Since the pandemic and the lack of possibility to do any kind of shopping, most have turned to their computer and done all their shopping from the comfort of their home. Now for customers, this seems to be a lot more convenient, as they could almost instantly find the product, compare the prices with different dealers, and with just a few clicks wait for the product to arrive at their door. No more crowded places, rood assistants, and in some huge stores, jungles you need to navigate through on your own. The crisis didn’t stop us from connecting, but the technology continued to develop and gave us all the necessary tools to overcome the sudden setback. Many are now quite adjusted to this carefree, out of the comfort of their home, surfing and shopping. Although it is not a new concept and has been around for quite some years, this pushed other businesses to do the same, and allow their customers the same experience.
Generation gaps are becoming blurred and are overlapping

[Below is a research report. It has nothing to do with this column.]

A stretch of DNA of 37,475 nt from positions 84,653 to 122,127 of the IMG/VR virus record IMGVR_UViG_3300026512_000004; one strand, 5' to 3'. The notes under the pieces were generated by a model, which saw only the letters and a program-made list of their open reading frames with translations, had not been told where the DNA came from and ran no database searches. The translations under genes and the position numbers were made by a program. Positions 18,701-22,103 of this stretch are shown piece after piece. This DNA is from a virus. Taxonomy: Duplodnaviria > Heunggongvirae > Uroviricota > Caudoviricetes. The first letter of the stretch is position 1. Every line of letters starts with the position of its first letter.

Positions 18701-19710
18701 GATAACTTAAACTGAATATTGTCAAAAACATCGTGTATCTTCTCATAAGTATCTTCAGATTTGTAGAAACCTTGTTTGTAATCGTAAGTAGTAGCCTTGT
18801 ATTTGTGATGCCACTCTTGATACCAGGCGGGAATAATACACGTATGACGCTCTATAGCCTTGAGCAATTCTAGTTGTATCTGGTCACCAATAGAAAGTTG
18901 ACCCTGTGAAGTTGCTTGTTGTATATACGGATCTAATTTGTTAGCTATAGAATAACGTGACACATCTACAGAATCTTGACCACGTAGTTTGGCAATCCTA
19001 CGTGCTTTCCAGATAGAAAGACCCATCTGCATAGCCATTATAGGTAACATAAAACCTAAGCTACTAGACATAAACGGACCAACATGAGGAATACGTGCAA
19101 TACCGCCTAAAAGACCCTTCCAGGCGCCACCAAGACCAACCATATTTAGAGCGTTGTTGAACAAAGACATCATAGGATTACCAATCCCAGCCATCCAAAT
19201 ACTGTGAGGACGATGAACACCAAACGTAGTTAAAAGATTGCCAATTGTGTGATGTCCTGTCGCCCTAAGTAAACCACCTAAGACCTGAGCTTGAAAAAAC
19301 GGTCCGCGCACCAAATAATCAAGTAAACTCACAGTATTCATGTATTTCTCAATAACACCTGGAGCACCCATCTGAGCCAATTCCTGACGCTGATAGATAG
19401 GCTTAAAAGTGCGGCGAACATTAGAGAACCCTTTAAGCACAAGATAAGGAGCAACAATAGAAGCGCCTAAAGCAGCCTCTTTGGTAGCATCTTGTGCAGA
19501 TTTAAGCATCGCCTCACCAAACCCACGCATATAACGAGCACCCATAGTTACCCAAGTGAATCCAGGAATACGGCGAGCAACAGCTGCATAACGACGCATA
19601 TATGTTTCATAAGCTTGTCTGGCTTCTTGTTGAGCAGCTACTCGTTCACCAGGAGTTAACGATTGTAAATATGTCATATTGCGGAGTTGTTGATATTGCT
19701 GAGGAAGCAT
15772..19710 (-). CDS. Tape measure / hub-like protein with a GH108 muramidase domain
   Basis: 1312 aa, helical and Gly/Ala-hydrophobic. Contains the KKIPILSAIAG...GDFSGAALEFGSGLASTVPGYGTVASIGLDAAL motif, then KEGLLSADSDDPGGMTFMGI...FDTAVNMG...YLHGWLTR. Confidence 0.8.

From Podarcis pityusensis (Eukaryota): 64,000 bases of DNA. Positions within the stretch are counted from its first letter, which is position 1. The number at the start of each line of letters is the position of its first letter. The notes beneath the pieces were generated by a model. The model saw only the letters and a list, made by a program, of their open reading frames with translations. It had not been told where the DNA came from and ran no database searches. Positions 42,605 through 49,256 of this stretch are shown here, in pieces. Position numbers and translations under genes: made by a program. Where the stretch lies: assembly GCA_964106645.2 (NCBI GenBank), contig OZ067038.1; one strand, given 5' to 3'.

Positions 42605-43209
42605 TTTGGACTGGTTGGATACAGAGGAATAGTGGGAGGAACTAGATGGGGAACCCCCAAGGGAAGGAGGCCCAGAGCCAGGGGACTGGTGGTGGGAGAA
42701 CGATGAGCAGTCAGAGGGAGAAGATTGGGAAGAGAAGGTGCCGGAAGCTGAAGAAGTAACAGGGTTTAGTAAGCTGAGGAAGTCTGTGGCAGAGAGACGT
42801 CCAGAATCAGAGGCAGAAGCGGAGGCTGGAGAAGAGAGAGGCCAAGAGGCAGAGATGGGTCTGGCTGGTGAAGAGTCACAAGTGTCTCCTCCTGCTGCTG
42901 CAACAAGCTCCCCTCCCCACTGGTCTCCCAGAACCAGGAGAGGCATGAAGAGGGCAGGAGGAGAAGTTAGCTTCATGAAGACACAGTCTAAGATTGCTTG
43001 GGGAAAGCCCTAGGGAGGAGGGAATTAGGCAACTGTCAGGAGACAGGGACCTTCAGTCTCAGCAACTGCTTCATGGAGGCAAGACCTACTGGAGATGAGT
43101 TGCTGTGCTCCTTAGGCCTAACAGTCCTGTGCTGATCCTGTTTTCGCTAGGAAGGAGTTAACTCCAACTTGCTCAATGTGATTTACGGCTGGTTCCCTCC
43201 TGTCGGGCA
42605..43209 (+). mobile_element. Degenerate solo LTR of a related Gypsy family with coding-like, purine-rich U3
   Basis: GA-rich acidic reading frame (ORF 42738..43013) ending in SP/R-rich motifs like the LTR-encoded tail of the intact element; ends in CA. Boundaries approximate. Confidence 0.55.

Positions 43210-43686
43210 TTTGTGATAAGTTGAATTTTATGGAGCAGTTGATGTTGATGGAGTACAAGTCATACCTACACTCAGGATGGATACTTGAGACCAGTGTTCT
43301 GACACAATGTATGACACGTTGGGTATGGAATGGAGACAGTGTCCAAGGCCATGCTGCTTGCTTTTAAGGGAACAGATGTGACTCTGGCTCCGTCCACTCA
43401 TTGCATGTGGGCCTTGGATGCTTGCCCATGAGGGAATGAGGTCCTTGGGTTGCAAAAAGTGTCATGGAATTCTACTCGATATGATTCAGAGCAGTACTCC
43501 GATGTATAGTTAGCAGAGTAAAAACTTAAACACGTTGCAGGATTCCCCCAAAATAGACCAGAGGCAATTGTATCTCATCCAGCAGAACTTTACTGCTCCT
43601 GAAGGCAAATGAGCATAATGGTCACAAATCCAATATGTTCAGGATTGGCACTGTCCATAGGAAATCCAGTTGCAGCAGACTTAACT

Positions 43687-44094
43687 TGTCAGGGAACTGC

Not long ago it was simple to distinguish every generation, not just by their years but by their jobs, likes and dislikes, pastimes and beliefs. Now it is difficult for a business to pinpoint a certain segment of the generation and develop a product or service just for them. Why would this be difficult? Well if we take boomers, for instance, they’ve lived in the post-war era, where things slowly got back to normal, 9 to 5 jobs, age of rock and roll, a lot of festivals and so on. But then came kids, and dipper, taking to and back from school, homework, lifesaving for college and so many more things. The thing is, baby boomers are finally free to re-enjoy all the things they loved in youth. They are becoming more like millennials now, or boomerlennials. Businesses have this great opportunity to create products and services just for these segments that have highly been overlooked. They are the ones that have retired and now have the funds and time to enjoy life the way they want. And they are the ones that are finally embracing technology to the fullest and enjoying it in ways that were too distant in the past.